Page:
Lily and Lane Carpenter celebrate birthdays in Grandma Ann’s home
Rowan Thompson of Dallas, Texas, arrived Thursday afternoon for a brief visit with Kay and Laura Wheeler before quickly departing to Oxford, where he met up with some of his Ole Miss fraternity brothers for a fun-filled Double Decker weekend.
Banner Gwin of Venice Beach, Ca., was the guest of his parents, Laurie and George Gwin, over the weekend. While here, they attended a wedding at the Memphis Zoo.
Lily and Lane Carpenter celebrated their birthdays Sunday afternoon at their Grandma Ann’s (Carpenter) house. Lily turned 4 and Lane turned 2. Those who attended were Byrne Carpenter, their daddy, Andrea Chrestman, Jane Ann Autry and children, Kelley and Maura Jane, Virginia Mitchell, and naturally, their Grandma Ann! Everyone had a grand time at the party! Happy birthdays!
Maura Jane Autry and Darcie Gibson traveled to Tunica with the North Mississippi Shockers 10U Softball Team to participate in the Duel on the Delta tournament. The Shockers brought home the second place trophy, due to rain-out.
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Whytnie Howell and Jeremy Jeffries to wed May 4 at Mt. Peel MB Church
Dornetta W. Howell, along with George and Pamela Young, are pleased to announce the engagement of their daughter, Whytnie R. Howell to Jeremy J. Jeffries, son of Brenda and Wayne James and Rudolph Stevenson.
A small ceremony is planned for May 4, 2008, at 1:30 p.m. at Mt. Peel MB Church in Laws Hill.
Whytnie is a graduate of Holly Springs High School and Northwest Community College. She is currently employed at Hawkins Family Medicine in Holly Springs.
Jeremy is a graduate of Holly Springs High School and is currently employed at Nike Logistics in Memphis, Tenn.
The couple are the proud parents of DaMarian Howell.
Miss Hannah Shown and John Rodgers to wed May 24 at Slayden Baptist Church
Hannah Elizabeth Shown of Lamar, and John Allen Rodgers of Olive Branch, announce their engagement and forthcoming marriage.
The bride-elect is the daughter of Cheryl Shown of Memphis, Tenn., and Harry Shown of Lamar. She is the granddaughter of Mr. and Mrs. David Kelley of Memphis; and the late Mr. and Mrs. Harry Shown of Memphis.
The prospective groom is the son of Connie Rodgers of Memphis, and Mr. and Mrs. Harold Rodgers of Barton. He is the grandson of Bobbie Bishop of Memphis; and the late Mr. and Mrs. George Rodgers.
Miss Shown attended Gateway Christian Schools.
Mr. Rodgers attended Wooddale High School and Southeast College of Technology, where he received a technology degree in electrical engineering. He is currently employed by Milwaukee Tool, Olive Branch.
The couple will exchange vows at 2 p.m. on Saturday, May 24, 2008, at Slayden Baptist Church, Lamar.
The couple would be honored to have all friends and family present as they unite as one in Christ. If you are unable to attend, the couple requests your presence in thought and prayer.
Miss Ashley Price and Brandon Staggs to wed May 17 at Hope Church in Tupelo
Mr. Michael Price and Ms. Vickie Price of Tupelo announce the engagement of their daughter, Ashley Michelle Price of Tupelo to Brandon Tyler Staggs, son of Bruce and Linda Staggs of Houston.
The bride-elect is the granddaughter of the late Elwood and Ruby Price of Guntown, the late Victor Hubler of Johnson City, Tenn., and Bill and Betty Smith of Johnson City, Tenn.
She is a 2004 graduate of Saltillo High School where she graduated with special distinction. She was the president of the Spanish Club; a member of Beta Club, Fellowship of Christian Athletes and Who’s Who Among American High School Students. She attended Itawamba Community College (ICC) where she graduated with an Associations of Arts degree and graduated with honors. While attending ICC she was a member of Indian Delegation, Phi Theta Kappa Honor Society, Student Body president, and was on the President’s List. She will graduate from the University of Mississippi on May 10 with a Bachelor of Science degree in Exercise Science with Cum Laude. While at Ole Miss, she was a member of the Exercise Science Club. She will pursue a second bachelor’s degree in nursing beginning in July at the University of Tennessee in Memphis.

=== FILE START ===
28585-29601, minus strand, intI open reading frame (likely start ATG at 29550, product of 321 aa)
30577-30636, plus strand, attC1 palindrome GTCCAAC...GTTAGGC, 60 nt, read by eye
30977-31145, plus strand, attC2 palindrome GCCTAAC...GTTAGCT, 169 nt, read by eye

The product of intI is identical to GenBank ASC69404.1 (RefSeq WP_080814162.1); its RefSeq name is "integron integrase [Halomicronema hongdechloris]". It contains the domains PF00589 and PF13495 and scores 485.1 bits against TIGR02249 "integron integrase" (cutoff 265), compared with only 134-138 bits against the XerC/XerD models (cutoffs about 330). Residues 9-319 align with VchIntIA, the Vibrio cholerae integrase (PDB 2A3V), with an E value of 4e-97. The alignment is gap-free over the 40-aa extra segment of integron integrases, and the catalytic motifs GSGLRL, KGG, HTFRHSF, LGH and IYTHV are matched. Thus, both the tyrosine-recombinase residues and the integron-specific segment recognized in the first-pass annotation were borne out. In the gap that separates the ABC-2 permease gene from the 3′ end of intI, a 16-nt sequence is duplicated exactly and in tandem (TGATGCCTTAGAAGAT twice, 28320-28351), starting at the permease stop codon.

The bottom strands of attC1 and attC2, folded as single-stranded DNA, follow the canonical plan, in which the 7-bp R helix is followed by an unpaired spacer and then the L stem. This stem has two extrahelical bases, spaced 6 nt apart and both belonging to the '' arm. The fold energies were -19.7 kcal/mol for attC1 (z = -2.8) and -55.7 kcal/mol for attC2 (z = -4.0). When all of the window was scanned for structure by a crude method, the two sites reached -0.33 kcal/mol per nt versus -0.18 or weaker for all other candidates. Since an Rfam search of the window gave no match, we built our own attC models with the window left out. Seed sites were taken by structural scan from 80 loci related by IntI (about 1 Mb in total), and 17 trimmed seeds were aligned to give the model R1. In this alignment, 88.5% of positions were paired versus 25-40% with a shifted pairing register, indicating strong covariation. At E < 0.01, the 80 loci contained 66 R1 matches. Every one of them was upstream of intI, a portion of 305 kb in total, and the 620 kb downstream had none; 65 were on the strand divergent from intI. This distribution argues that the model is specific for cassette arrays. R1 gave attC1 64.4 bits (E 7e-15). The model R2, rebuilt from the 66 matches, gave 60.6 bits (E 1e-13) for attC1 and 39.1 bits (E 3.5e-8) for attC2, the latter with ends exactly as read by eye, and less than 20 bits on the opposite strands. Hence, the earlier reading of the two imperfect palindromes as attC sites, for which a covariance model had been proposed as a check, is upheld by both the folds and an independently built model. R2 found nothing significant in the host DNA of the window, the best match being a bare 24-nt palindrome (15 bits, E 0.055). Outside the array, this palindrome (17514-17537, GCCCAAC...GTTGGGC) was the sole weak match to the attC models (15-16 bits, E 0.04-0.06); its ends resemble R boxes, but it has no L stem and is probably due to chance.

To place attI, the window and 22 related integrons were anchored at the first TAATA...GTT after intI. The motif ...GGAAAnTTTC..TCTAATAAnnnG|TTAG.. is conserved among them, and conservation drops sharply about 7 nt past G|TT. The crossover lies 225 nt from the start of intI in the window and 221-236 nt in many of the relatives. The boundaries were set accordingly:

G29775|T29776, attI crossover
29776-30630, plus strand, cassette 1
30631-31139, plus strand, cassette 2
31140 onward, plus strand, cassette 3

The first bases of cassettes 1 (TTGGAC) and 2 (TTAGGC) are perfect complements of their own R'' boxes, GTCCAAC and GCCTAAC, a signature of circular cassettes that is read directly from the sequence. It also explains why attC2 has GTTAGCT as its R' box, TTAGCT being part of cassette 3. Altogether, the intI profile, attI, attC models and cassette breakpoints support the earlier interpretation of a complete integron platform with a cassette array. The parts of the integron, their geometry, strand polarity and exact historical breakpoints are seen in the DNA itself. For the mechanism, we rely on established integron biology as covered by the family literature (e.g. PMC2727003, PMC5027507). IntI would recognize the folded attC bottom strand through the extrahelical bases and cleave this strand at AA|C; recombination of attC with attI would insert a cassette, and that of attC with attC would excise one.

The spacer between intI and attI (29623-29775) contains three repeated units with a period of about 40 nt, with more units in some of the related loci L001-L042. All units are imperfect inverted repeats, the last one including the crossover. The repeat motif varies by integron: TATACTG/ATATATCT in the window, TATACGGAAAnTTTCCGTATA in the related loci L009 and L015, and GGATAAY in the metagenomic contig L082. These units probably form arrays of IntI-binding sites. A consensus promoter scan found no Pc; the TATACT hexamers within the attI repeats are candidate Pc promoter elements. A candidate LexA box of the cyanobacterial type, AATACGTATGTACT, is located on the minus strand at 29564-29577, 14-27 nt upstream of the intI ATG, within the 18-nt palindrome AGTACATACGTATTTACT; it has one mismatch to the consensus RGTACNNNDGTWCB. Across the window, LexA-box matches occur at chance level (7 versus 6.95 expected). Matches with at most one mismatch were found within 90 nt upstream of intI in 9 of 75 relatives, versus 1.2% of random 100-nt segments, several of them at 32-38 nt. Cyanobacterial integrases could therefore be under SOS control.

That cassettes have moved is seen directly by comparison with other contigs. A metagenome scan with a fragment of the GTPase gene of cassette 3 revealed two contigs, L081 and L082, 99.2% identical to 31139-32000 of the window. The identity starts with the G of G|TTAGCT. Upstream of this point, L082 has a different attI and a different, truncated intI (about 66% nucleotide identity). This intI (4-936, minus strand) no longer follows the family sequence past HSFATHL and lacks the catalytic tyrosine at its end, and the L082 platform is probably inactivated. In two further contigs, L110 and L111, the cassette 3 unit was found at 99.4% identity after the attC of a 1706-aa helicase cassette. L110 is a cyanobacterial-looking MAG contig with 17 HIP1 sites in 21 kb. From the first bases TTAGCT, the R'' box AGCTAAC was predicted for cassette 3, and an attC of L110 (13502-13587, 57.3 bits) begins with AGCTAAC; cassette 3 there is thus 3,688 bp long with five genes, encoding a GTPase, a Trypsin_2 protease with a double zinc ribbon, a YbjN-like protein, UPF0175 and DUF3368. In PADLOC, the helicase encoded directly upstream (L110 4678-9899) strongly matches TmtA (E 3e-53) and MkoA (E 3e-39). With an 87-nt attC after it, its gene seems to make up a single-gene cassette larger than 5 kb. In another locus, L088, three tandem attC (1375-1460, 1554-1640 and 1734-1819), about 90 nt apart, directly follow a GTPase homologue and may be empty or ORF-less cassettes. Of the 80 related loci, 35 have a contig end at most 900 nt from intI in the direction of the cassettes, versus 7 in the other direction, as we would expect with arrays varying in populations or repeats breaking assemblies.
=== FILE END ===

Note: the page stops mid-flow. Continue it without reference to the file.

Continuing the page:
The prospective groom is the grandson of Herbert and Carol Staggs of Red Banks, and Jimmy and Mary Ella Lancaster of Van Vleet.
He is a 2004 graduate of Houston High School where he was an honor graduate and member of Beta Club, Student Council, French Club and Who’s Who Among American High School Students. He attended Itawamba Community College (ICC) where he graduated with an Associate of Arts degree and graduated with honors. While attending ICC he was a member of Phi Theta Kappa Honor Society and on the National Dean’s List. He will graduate from the University of Mississippi on May 10 with a Bachelor of Arts degree in biology and a minor in chemistry. While at Ole Miss he was a member of the Sigma Alpha Lambda Leadership and Honors Organization and on the National Dean’s List.
couple will exchange vows on May 17, 2008 at Hope Church in Tupelo at
2:30 p.m. A reception will follow at the church. Family and friends are
Sarah Davidson and David Norris to wed June 28
Sarah Beth Davidson and David Gary Norris will exchange wedding vows in the presence of God, and their family and friends on June 28 at Central Church in Collierville, Tennessee.
Davidson is the daughter of Arla and Dan Davidson of Barton. She is the granddaughter of Roberta Williams of Barton and the late Rev. Alfred Allen, and the late Edsel and Bea Davidson.
She is a student at Arkansas Tech University in Russellville, pursuing a bachelor’s degree in accounting and will graduate in 2010. She graduated from high school in 2006.
Norris is the son of Patti Blake of Ottawa, Kan., and Gary Norris of Holiday Island, Ark. He is the grandson of the late Marjorie and Fred A. Norris of Green Forest, Ark.
He is a student at Arkansas Tech University in Russellville and is pursuing a bachelor’s degree in history and political science. He will graduate in May 2009 and plans to follow on to Officers Training School in the United States Air Force. He is a 2005 graduate of Green Forest High School.
Sarah and David were childhood playmates in Olive Branch until they were separated by a family move. They reestablished their friendship after almost ten years and look forward to a lifetime of happiness together.